In late July, I wrote, “Investors should be extra cautious with any REITs that have a payout ratio of over 90%.” At the time, Cominar REIT’s (TSX:CUF.UN) payout ratio was estimated to be about 116% for the year.
In early August, Cominar came out with a press release which had the mild-toned headline, “Cominar Restores Its Flexibility”.
Essentially, the company announced that it was halting the distribution-reinvestment plan (DRIP) and cutting its monthly distribution by 22.4%.
Is the DRIP suspension and distribution cut good or bad?
No company would cut its dividend if it didn’t have to. This is especially so for Cominar, which had a long-term distribution history; it had at least maintained its distribution for 15 years before it was slashed.
So, before we start criticizing the company, let’s take a look at why management made such a difficult decision.
Under normal or good market conditions, allowing shareholders to reinvest their dividends for free is a great way for companies to raise funds. However, each dollar that is reinvested will be dilutive to existing shareholders if the shares don’t come from the treasury.
When the unit price of the shares is low, like it is now, it is not only dilutive to existing shareholders, but it also doesn’t give a lot of benefit for the company as lower unit prices imply less funds raised. If Cominar had continued with the DRIP, it’d be a lose-lose situation for the shareholders and the business.
The suspension of the DRIP combined with the closure of Sears stores will reduce Cominar’s cash inflows. And so, the REIT chose to reduce its cash outflows by cutting its monthly distribution. By doing this, its payout ratio will be right below 90%, which makes its distribution more sustainable.
Debt and rising interest rates
As of the end of the second quarter, Cominar had reduced its debt ratio from 54.4% to 52.7% compared to 12 months ago. This aligns with Cominar’s goal to decrease its long-term debt levels to 50%.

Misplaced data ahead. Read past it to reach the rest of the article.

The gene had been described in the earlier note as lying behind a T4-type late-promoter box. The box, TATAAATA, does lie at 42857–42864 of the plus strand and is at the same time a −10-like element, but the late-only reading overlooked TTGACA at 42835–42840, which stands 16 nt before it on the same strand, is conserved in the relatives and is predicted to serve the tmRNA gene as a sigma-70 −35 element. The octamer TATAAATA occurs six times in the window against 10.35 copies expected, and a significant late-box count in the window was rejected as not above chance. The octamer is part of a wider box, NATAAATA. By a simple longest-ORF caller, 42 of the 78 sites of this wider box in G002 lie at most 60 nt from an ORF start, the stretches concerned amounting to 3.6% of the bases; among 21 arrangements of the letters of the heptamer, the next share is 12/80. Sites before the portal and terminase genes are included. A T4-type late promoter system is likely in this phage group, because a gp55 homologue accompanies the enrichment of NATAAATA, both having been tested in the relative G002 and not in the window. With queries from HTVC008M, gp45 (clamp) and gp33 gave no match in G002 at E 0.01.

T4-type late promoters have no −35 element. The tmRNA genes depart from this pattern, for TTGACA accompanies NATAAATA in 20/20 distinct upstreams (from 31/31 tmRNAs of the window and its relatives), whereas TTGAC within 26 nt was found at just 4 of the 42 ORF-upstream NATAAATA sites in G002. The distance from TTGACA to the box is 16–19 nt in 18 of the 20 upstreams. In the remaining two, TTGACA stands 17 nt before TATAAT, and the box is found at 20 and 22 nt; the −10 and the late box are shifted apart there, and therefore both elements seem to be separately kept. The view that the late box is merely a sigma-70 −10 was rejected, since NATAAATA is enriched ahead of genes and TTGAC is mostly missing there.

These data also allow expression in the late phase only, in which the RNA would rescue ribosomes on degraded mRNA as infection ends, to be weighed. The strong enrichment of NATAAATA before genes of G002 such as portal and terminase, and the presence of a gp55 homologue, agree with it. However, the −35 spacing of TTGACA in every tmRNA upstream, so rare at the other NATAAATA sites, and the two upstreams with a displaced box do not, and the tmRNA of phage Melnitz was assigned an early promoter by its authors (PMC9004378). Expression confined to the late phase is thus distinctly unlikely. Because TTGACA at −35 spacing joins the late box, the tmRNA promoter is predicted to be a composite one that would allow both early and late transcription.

Cominar has under $1.73 billion in outstanding unsecured debentures that bear interest at an average rate of 4.29%, which is roughly 1% higher than the current five-year mortgage rate. It has nearly 35% of this debt due by the end of 2019. So, the REIT’s interest expense can reduce if interest rates remain low.
In early August, DBRS downgraded the REIT’s senior unsecured debentures to non-investment-grade BB (high) from investment-grade BBB (low). So, the REIT would require a higher interest rate if it chooses to offer more unsecured debentures in the future.
That said, if Cominar finds interest rates to be unfavourable when its current debentures mature, it has $3.6 billion of debt-free properties that it can get collateral loans for.
Even after the distribution cut, Cominar’s payout ratio is still ~90%, which doesn’t give it a big margin of safety for its distribution.
Changing interest rates is just one thing Cominar needs to keep an eye on. More importantly, the REIT needs to focus on improving its funds from operations (FFO) per unit, which declined nearly 16.9% in the first half of the year compared to the previous year partly due to some non-core asset sales.
Cominar’s efforts in the first half of the year in renewals and new leases already dealt with almost 80% of the leases, which are maturing this year.
Going forward, unitholders would be more at ease to see some FFO-per-unit improvement, perhaps from its development projects.
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Fool contributor Kay Ng has no position in any stocks mentioned.